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Typeclasses
device
jducoeur
[For programmers only]

Yesterday was another of those programming epiphanies, in which I finally not only understand what a functional-programming concept means, but (more importantly) grok *why* it works the way it does. As I did with Monads a few months ago, let's take a stab at explaining the concept, while it's still fresh in my brain. Today's concept is "Typeclasses", another Haskellism that has made its way into Scala. (The functional programmers with more experience than I are encouraged to correct any misconceptions below.)

That said, my first try at writing this started getting horribly long. So let's see if I can keep this to a sane length:

The name seems a bit weird to those of us from an OO background, but it's literally correct: a Type is (or more accurately, can have) an "instance" of a Typeclass in much the same way that an Object is an instance of a Class. That is, a Typeclass describes a somewhat abstract bit of functionality, and you can define an instance that maps from a Type to that functionality.

Why is it useful? The usual reason: once you've got the idea of this Typeclass, you can then write higher-order functions that use it, and thereby reduce duplication and boilerplate.

A simple example in pseudo-code: say I have an "Addable" Typeclass:
typeclass Addable[T] {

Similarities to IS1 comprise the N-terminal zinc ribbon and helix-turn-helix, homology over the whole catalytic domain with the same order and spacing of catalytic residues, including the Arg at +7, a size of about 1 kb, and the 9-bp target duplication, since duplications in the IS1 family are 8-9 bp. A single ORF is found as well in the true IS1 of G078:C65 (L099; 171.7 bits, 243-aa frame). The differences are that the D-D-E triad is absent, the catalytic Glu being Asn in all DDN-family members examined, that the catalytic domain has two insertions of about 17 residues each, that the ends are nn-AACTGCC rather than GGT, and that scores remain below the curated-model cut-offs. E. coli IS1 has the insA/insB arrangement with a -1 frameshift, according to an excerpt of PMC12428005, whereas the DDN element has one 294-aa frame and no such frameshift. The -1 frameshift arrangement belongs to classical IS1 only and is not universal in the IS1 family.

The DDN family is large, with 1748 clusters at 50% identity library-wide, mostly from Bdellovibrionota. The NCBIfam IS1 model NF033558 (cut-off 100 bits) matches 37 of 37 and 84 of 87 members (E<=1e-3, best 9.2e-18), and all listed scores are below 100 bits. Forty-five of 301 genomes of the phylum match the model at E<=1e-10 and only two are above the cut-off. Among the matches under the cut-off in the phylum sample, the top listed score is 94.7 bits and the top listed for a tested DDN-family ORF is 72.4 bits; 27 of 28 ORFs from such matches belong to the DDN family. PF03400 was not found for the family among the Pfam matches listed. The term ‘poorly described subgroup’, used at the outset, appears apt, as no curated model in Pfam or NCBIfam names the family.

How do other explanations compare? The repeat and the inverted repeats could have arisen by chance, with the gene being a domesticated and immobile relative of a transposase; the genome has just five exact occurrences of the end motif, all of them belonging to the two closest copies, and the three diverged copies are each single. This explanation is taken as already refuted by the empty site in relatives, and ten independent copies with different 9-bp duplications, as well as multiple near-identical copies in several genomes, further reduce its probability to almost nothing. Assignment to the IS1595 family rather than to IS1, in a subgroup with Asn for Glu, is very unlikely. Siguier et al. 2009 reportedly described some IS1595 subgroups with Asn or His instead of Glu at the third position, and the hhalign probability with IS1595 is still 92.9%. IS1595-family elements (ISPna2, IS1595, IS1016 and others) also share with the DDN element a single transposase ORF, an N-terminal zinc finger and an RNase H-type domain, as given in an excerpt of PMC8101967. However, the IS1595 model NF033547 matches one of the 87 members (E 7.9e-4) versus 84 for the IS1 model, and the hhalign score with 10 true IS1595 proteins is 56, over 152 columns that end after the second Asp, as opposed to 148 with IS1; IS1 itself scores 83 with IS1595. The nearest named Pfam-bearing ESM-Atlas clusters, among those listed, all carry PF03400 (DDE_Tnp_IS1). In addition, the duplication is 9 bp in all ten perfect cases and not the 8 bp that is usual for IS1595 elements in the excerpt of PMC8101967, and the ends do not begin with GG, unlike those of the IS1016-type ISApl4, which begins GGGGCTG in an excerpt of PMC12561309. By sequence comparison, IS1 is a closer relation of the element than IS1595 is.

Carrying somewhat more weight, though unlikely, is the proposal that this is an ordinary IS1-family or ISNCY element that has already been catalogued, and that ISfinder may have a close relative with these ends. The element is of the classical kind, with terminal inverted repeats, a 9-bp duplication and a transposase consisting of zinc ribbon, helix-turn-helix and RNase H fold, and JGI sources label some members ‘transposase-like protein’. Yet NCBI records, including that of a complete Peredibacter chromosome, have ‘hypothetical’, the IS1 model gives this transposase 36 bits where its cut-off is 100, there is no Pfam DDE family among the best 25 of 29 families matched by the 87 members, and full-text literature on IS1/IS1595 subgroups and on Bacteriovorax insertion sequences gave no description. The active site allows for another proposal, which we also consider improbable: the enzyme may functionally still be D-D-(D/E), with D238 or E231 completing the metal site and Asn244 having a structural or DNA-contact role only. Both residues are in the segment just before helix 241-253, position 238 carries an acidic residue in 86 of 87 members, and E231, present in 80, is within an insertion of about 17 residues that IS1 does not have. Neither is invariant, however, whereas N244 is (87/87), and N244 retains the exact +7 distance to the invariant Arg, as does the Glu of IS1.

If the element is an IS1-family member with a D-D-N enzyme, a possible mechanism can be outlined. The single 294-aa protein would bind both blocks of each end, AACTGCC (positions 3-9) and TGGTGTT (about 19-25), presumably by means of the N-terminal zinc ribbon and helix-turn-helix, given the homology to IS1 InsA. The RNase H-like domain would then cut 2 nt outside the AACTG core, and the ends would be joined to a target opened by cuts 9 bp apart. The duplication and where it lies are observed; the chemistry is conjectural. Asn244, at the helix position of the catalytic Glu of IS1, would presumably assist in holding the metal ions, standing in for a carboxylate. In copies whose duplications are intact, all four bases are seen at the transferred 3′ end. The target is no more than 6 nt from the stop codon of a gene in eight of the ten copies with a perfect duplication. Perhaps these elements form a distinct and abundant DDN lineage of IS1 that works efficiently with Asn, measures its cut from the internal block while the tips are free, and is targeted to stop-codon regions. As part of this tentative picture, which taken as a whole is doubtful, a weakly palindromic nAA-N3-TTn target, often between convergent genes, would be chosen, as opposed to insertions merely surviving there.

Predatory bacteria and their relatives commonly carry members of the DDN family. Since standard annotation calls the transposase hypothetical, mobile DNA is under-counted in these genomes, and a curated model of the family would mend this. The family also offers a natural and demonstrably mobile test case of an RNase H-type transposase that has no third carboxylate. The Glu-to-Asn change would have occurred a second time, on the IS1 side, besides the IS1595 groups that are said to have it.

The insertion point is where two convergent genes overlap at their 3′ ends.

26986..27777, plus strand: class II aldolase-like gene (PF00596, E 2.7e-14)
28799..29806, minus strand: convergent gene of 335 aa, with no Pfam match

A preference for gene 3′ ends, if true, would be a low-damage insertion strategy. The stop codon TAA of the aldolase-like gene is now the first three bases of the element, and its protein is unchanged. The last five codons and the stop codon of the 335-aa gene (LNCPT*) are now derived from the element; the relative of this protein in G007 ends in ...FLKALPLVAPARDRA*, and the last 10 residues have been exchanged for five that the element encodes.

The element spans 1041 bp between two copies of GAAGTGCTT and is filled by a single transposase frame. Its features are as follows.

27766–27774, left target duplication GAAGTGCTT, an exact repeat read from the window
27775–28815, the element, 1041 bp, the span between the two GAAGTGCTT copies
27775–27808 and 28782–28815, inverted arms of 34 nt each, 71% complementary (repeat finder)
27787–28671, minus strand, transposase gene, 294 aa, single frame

def +(a:T, b:T):T
}
That is, an Addable is a Type for which there exists a binary function "+", which adds two values of this Type together, and returns another value of this Type. Using that, I can define sum:
def sum(elems:List[Addable]) = {
  if (elems.length == 0)
    0
  else
    elems.head + sum(elems.tail)
}
At this point, the sharp-eyed OO programmers are saying, "So, it's exactly the same as an interface, right?". Not quite. The thing is, a Typeclass instance is, like I said, a mapping from the Type to the Typeclass -- and that implies that you can have *multiple* such mappings.

The classic illustration seems to be the Monoid Typeclass, which seems to be basically the abstraction of our Addable above. It is a Typeclass that defines an "append" operation, which takes two values, combines them, and produces a new value of the same Typeclass instance. (With the added constraint that the operation must be associative, and you must have an "identity" or "zero" value.) So Monoid looks roughly like this:
typeclass Monoid[T] {
  def append(a:T, b:T):T
  def identity:T
}
The equivalent of our sum() function above is "concat" in Haskell-speak:
def concat(elems:List[Monoid]) = {
  if (elems.length == 0)
    identity
  else
    elems.head append concat(elems.tail)
}
Obviously, we can define an SumMonoid -- the Typeclass instance that represents the concept of "summing" -- by saying that append is (a+b), and identity is 0; that becomes exactly Addable, above. But you can also define a ProductMonoid -- representing the concept of "multiplying" -- by saying that append is (a*b), and identity is 1. There are at least two distinct and *separate* Monoids for Int, because "Monoid" isn't a Type -- it's a Type *plus* some operations.

(The same is true for Boolean and Monoids: the concept of the "conjunction" of a List of Booleans is the Monoid of "and" with the identity of true, and "disjunction" is the Monoid of "or" with the identity of false.)